Monday, November 21, 2011

Complain , but Stats dont see it

Since the NBA is on a lock out, ESPN has decided to go into hibernation, but I wont let that stop PatchStats. It has been a wild month, working on publications, and assisting the Saberphere on matters. However, we are back to the grind giving you a new look and reason to things.

It has been a long held belief that in sports, playing back to back games leaves a huge disadvantage for the team playing the back-to-back game. This past month I watched the Maple Leafs and Capitals both drop games on back-to-back days. The theory carries heavy in the NBA, where teams typically travel very far for one game, then off to another city for the next game. A lot of the scheduling has to do with revenue. Teams would love to get Friday,Saturday and Sunday games since they produce the highest attendance, aka Cash Money. But players cant do this, because for now, they are just humans. Disgruntled fans, and some coaches, have complained when they get a schedule with back-to-back games, as it is almost assumed the second game is a loss. However, thoughts are not numbers, and on this blog we use numbers to make conclusions.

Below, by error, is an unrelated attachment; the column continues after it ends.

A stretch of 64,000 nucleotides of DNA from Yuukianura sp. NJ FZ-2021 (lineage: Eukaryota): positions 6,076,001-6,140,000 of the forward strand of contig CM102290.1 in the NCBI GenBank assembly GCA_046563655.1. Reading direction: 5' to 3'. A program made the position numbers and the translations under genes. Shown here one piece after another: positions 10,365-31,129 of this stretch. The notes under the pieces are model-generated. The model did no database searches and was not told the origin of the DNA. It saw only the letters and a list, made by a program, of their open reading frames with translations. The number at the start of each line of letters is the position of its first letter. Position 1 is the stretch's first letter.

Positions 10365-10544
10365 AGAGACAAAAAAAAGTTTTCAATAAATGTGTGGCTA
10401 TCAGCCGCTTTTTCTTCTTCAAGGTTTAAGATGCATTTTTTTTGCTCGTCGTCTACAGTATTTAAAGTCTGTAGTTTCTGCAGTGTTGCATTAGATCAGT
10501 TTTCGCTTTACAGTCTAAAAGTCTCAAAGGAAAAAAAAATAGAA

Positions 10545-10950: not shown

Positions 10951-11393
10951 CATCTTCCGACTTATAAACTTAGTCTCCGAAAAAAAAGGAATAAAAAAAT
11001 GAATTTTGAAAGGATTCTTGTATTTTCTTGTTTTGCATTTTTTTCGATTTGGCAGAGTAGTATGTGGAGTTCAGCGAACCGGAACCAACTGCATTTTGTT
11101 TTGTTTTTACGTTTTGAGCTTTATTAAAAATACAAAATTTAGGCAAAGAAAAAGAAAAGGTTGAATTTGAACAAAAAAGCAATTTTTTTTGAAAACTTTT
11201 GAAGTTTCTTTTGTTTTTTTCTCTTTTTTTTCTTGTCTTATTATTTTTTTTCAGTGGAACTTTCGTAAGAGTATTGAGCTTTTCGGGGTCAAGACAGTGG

In 2010-2011, 9 teams had a higher winning percentage on back to back games. [Canucks,Senators,Bruins,Blue Jackets,Penguins,Blackhawks,Rangers and Blues], of those 9 teams, only two of them did not make the play-offs. So most teams, had a worse winning record when playing back-to-back. However the true question is, how big is this difference, is one game, or 10, these things matter in sports. The thing is, the difference between regular season winning percentage and back-to-back games was on average only .08. Most teams only play about 1 out of every 5 games on a back-to-back schedule, the team with the highest percentage was Buffalo who played 27% of their games after a prior game.

This is your Statistician Speaking : Here is the testing done to show it has little effect

Ho : The Difference between Back-to-Back games and Regular Season Record  = 0
Ha : There is some difference
T = .09/.07
T = 1.37
Thus, we conclude that there is no difference in the result of the game due to playing a game the day before.

There is some evidence, but not very strong evidence. Still, people will complain, and every loss will be because "We played the day before"

For now, keep those skates moving, because points are points.


Isaiah Headen said...


V for ..... said...

did you test for differences within the subset of all playoff teams and all non-playoff teams? that might give an interesting predictor into post-season success